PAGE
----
Context and aims ‘Innovative Models Promoting Access-to-Care Transformation’ is a collaborative research program that brings together communities in six regions across Australia and Canada with a research team to design innovations to improve access to primary health care for vulnerable people. One such innovation is the use of a health service broker. This poster will present the methodology for, and early findings from, a scoping review exploring how health brokers have been defined, characterised and used in primary health care. Additional analysis will explore the extent to which principles of patient-centred care have influenced these dimensions. Methods Scoping review of the literature based on Arksey and O’Malley’s (2005) framework. Evaluated studies will be set in OECD countries, conducted in community-based primary health care and published in English since 2000. Sources will be analysed according to key themes of broker models and patient-centred care. Findings The review question, ‘what is the extent and nature of the use of health service brokers’ will be answered, with a description of brokers, their components and patient-centredness. Innovative contribution to policy, practice and/or research The review findings will identify how brokers are used in primary health care and which components are conducive to patient-centred care. A discussion of the scoping review process will provide insight into using this methodology in primary health care research. Arksey, H., & O’Malley, L. (2005). Scoping studies: Towards a methodological framework. Int. J. Soc. Res. Meth., 8(1), 19-32.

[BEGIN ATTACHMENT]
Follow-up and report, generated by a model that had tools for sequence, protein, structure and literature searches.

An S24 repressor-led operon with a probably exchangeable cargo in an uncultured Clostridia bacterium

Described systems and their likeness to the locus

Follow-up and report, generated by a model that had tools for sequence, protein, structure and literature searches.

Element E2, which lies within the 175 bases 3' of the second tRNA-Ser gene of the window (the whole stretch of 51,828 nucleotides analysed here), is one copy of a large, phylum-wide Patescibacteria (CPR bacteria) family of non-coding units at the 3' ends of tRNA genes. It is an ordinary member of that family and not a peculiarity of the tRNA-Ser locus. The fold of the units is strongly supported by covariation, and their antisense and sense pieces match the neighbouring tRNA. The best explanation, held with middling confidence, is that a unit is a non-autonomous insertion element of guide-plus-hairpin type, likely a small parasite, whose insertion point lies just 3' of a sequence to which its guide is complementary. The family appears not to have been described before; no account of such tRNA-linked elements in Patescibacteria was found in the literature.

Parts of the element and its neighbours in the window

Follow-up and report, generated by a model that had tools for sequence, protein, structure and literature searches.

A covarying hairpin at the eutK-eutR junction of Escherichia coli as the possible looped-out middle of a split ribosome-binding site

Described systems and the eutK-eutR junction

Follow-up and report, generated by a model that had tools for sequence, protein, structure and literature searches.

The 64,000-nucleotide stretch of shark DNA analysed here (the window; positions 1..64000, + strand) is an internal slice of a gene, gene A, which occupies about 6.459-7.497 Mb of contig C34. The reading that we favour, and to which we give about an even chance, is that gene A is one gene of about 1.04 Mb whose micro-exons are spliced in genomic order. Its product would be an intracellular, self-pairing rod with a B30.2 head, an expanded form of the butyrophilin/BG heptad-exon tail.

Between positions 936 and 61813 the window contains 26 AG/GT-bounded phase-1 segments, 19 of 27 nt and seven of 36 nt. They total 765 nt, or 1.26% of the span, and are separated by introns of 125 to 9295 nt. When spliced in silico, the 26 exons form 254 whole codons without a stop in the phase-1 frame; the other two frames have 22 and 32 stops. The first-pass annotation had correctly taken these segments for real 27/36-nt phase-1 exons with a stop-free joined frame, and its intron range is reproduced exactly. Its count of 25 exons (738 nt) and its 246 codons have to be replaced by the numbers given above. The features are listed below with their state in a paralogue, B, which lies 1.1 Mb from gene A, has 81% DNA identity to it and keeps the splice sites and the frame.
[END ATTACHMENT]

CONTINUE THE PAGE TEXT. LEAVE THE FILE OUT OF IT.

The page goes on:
|Publication status||Published - 2016|
|Event||Primary Health Care Research Conference 2016 - National Convention Centre, Canberra, Australia|
Duration: 8 Jun 2016 → 9 Jun 2016
|Conference||Primary Health Care Research Conference 2016|
|Abbreviated title||PHCRIS 2016|
|Period||8/06/16 → 9/06/16|
Peart, A., Russell, G., Brown, T., & Lewis, V. (2016). Health service brokers in community-based primary health care: A scoping review. Poster session presented at Primary Health Care Research Conference 2016, Canberra, Australia.